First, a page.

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on 3 March 2013
In view of the recent discovery of Richard III's remains in a Leicester car park, I became interested in the "other side of his story" from that portrayed in Shakespeare. This book, in the form of a novel, is enthralling and engaging. I have also read other research which strongly suggests that "Bad" Richard was just Tudor propaganda, and that he was actually much loved and an excellent King. This novel follows the research and gives us a different King Richard - a loving and loyal brother, husband and father and a conscientious, generous and merciful King, whose loss was a tragedy for England. You've convinced me - I am a now Ricardian!
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on 11 July 2012
The tale of Richard III is told well and the reader is left hanging until the end of the book to find out why Sir Thomas More is telling it to Hans Holbein. Yet another theory about the Princes in the Tower! However, in the Kindle edition the editing seems to be somewhat poor - the misuse of "loose" for "lose" and "starred" for "stared" occurs throughout the book, bringing the reader up short, and I am not sure that all the historical details are thoroughly researched (I believe that it was Henry VIII who was the first king to be addressed as "Your Majesty"). I would add that the theory of the fate of the Princes in the Tower seems somewhat superfluous to the main tale about Richard himself and the supposition that such a busy person as Sir Thomas More would spend an entire day recounting the tale to the artist is rather far-fetched.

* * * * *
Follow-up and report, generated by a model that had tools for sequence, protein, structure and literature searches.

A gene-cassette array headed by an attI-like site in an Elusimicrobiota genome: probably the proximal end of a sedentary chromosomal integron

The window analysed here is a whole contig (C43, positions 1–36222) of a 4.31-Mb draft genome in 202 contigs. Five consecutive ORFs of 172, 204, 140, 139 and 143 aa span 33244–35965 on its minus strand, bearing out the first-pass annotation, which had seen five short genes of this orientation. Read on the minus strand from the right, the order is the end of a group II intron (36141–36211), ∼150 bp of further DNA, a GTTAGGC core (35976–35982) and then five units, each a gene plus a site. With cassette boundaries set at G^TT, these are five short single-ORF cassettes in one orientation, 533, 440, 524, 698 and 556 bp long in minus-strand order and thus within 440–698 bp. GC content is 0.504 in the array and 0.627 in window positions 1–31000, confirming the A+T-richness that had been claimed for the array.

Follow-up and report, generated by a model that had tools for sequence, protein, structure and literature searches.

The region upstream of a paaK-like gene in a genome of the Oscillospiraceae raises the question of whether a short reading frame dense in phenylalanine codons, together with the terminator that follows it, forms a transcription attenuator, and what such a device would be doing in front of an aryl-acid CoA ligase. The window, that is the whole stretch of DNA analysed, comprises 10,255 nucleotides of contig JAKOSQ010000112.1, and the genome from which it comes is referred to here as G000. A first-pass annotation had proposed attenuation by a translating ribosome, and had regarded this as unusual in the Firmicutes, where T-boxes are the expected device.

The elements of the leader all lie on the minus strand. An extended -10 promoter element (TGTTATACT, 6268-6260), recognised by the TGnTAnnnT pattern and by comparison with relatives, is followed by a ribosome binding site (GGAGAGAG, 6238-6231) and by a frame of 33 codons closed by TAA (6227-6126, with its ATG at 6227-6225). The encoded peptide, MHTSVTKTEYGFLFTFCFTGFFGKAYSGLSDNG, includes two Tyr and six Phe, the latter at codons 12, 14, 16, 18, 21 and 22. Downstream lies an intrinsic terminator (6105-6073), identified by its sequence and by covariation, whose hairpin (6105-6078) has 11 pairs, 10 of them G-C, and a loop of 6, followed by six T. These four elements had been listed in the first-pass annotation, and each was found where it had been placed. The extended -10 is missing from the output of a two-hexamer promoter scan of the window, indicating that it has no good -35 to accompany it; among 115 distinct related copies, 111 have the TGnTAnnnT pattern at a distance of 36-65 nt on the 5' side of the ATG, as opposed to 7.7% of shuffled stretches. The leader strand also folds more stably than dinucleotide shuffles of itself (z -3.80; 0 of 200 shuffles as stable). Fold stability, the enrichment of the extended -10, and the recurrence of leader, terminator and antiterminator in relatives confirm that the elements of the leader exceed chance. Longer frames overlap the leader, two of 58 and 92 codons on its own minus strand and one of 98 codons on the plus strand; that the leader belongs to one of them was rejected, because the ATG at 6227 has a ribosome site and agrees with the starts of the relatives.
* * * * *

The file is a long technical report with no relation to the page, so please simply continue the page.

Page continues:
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on 27 August 2012
The story plan is good but there are too many spelling mistakes. Matthew needs to proof read it thoroughly to remove all these. There are also some factual errors but they are not as off-putting as the spelling mistakes. A good first effort but can do better!
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on 4 August 2013
I hoped Loyalty would shed some new light on the reputation of King Richard. Although I knew it was a fictional account of his life I did expect a well written novel, afterall the author had received glowing reviews for this book,unfortunately I was sorely disappointed. Whilst the idea was interesting the work itself was badly written with repetative phrases and at times crass. If you want to read a novel that is excellent and thoughtfully written I suggestyou try The Sunne in Splendour or Daughter of Time.